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Justice News

Department of Justice
U.S. Attorney’s Office
District of South Dakota

Friday, May 23, 2014

Little Eagle Man Sentenced For Embezzlement And Theft From An Indian Tribal Organization

United States Attorney Brendan V. Johnson announced that a Little Eagle, South Dakota, man convicted of Embezzlement and Theft from an Indian Tribal Organization was sentenced on May 19, 2014, by U.S. District Judge Charles B. Kornmann.

Dana Fast Horse, age 46, was sentenced to 1 year of unsupervised probation, a $500 fine, and a $100 special assessment to the Federal Crime Victims Fund.

Fast Horse was indicted by a federal grand jury on November 14, 2013.  He pled guilty on January 10, 2014.

On October 1, 2013, the Bureau of Indian Affairs (BIA) was contacted by a member of the Standing Rock Sioux Tribe regarding a check she had received from Fast Horse.  According to the tribal member, Fast Horse had presented her with a $4,000.00 check, which he wanted her to cash and split the proceeds with him.  At the time, Fast Horse was Vice Chairman of the Running Antelope District on the Standing Rock Sioux Indian Reservation.  He was aware that residents were receiving $4,000.00 per household as a result of the Salazar settlements. Fast Horse owned a vacant house, which he wanted the tribal member to claim she was residing in, so she would receive the benefits and split the proceeds with him.

Upon learning this information, two Standing Rock BIA Special Agents directed the tribal member to place a phone call to Fast Horse, which was recorded on a digital handheld recorder.  During the call, the tribal member informed Fast Horse that she had cashed the check he had given her, and asked him if he wanted his half.  A meeting was arranged in which Fast Horse was handed an envelope from the tribal member.  The tribal member then walked away and the two BIA agents immediately arrested Fast Horse.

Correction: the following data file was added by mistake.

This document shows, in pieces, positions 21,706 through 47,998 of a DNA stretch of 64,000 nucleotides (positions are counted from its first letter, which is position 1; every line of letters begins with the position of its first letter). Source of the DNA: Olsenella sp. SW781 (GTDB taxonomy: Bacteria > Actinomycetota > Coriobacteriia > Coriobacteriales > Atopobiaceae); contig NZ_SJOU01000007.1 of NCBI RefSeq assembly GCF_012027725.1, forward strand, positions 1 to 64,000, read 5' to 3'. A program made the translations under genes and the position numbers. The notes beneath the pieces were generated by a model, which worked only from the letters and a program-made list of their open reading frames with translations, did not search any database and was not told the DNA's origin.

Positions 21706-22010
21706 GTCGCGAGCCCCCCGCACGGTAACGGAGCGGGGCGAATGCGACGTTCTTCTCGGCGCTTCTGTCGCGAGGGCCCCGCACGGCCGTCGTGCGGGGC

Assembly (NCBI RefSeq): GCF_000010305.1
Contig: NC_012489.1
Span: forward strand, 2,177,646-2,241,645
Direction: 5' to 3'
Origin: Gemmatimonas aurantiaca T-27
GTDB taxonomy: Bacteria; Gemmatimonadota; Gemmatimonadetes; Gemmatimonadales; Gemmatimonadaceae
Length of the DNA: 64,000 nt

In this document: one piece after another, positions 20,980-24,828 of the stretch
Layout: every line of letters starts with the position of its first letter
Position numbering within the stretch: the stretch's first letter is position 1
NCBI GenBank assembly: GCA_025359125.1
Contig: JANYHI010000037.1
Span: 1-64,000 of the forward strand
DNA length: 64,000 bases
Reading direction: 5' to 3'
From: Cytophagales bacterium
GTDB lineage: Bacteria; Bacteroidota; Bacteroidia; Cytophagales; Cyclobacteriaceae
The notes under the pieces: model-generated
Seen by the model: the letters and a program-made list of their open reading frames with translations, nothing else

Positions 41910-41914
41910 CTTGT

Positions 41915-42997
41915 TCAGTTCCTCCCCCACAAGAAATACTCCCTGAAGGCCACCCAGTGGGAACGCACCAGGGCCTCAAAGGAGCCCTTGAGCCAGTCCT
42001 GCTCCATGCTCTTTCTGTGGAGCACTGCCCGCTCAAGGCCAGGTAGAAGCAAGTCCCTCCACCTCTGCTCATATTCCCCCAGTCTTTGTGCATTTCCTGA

Fast Horse consented to an interview with the BIA agents in which he stated that, as Vice Chairman of the Running Antelope District, he knowingly lied to the council by informing them that the tribal member lived in one of his houses, which he knew to be vacant, in order for her to receive a $4,000.00 Salazar check.  Fast Horse also informed the agents that he was to receive a portion of the money as payment for vouching to the council that the tribal member was actually residing in his vacant home.

This case was investigated by the Bureau of Indian Affairs, Standing Rock Agency.  Assistant U.S. Attorney Troy R. Morley prosecuted the case.  

Updated June 22, 2015